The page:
From The Colorado Sun (Jennifer Brown):
Now their offspring are getting a fresh start after hitching a ride in saddlebags up a mountain stream
The fish are the descendants of a unique species of cutthroat trout rescued from Hayden Creek in 2016 as a wildfire ripped through the Sangre de Cristo mountains, scorching nearly 17,000 acres near Coaldale.
In 2016, as the fire burned only a quarter-mile away, parks and wildlife fish biologists led by a fire crew hiked behind the fire line to remove about 200 of the fish from Hayden Creek. Wearing electrofishing backpacks, they shocked the water and waited for the stunned fish to float, netting as many as they could.
The biologists knew that particular type of cutthroat trout lived nowhere else but Hayden Creek and that the ash-filled runoff after the fire likely would kill them.
They were right. Monsoons that followed the fire sent ash and sediment into Hayden Creek, which turned the water acidic and depleted its oxygen. The remaining cutthroat suffocated. When biologists returned after the rains, they could not find one fish.
Trout rescued from Hayden Creek were taken to a hatchery near Gunnison, where they were isolated from other subspecies. Some were released in Newlin Creek, near Florence, and this week, 4,500 of their offspring were loaded into a hatchery truck headed for Westcliffe…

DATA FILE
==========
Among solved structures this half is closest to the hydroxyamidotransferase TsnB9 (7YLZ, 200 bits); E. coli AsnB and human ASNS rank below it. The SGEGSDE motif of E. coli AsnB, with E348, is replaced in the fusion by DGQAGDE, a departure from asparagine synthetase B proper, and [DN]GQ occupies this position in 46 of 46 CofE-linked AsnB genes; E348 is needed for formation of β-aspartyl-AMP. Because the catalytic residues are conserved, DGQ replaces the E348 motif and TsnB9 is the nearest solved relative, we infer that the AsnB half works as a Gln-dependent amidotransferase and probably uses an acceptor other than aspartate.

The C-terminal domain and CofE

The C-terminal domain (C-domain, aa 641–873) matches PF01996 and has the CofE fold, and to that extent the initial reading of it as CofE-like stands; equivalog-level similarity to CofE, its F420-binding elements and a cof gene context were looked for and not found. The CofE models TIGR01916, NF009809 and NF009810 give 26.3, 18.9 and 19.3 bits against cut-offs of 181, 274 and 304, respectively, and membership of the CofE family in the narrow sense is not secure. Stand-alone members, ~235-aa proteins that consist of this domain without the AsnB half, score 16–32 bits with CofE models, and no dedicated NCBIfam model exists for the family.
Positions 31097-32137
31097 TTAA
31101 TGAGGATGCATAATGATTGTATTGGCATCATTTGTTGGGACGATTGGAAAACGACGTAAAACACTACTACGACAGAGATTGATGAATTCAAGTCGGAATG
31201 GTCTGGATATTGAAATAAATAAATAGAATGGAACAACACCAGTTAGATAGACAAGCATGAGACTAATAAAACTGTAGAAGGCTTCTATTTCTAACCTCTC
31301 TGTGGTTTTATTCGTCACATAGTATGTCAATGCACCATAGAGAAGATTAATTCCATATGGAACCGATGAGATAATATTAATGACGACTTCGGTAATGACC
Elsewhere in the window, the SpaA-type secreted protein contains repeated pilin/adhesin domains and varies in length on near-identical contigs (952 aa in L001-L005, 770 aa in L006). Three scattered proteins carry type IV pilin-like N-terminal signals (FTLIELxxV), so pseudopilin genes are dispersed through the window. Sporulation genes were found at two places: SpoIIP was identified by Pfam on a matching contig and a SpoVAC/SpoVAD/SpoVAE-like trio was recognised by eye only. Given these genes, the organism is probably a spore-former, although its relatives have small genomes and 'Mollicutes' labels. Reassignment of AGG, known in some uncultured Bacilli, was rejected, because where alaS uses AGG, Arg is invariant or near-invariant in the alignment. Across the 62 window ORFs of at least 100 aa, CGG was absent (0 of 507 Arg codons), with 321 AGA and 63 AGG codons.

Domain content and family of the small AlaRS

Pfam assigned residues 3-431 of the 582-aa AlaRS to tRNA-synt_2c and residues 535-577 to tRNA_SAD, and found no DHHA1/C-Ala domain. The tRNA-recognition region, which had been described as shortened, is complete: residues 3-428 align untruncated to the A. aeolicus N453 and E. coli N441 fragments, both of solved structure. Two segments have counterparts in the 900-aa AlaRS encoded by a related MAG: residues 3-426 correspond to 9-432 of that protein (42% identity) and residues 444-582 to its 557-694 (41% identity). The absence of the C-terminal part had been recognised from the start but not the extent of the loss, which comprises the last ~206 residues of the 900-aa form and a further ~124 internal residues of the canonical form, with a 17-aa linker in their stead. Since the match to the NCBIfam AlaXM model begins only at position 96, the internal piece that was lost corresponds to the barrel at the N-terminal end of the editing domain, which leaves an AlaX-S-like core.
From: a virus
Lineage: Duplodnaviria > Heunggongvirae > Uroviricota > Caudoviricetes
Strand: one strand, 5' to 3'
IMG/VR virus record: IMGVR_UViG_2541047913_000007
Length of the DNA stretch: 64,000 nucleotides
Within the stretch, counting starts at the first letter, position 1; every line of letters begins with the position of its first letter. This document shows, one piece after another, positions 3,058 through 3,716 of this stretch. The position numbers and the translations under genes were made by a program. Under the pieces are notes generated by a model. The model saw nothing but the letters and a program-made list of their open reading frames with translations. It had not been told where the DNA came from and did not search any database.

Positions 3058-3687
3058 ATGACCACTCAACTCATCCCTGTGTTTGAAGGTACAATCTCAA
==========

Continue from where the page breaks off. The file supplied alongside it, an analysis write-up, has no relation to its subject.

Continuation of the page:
The fish, with orange-red splotches on its throat and across its belly, is hardly distinguishable from other cutthroat trout. Yet, the Hayden Creek cutthroat trout are the only fish known to share the genetics of a pair of fish now at the Smithsonian Institution in Washington, D.C. The fish were caught in Twin Lakes, near Leadville, in 1889 by an ichthyologist — the type of zoologist that studies just fish — named David Starr Jordan.
Colorado has three remaining subspecies of cutthroat trout that are native to the state: the greenback, the Colorado River and the Rio Grande. A fourth native cutthroat, the yellowfin, is presumed extinct.
The Hayden Creek cutthroat are part of the Colorado River subspecies, but have genetics unique even from Colorado River cutthroat.
Nehring released his fish one at a time Monday and watched afterward as they darted around in the clear water. Even at 4-inches long, they held their own against the current…
A parks and wildlife team will return in the fall to check on the trout, using electrofishing to catch and measure them. The hope is that they not only will survive, but will begin reproducing in about two years.
They will fill an important niche in the ecosystem, Nehring said. The fish eat mayflies, stoneflies, caddisflies and worms, and are food for bears, raccoons and other animals.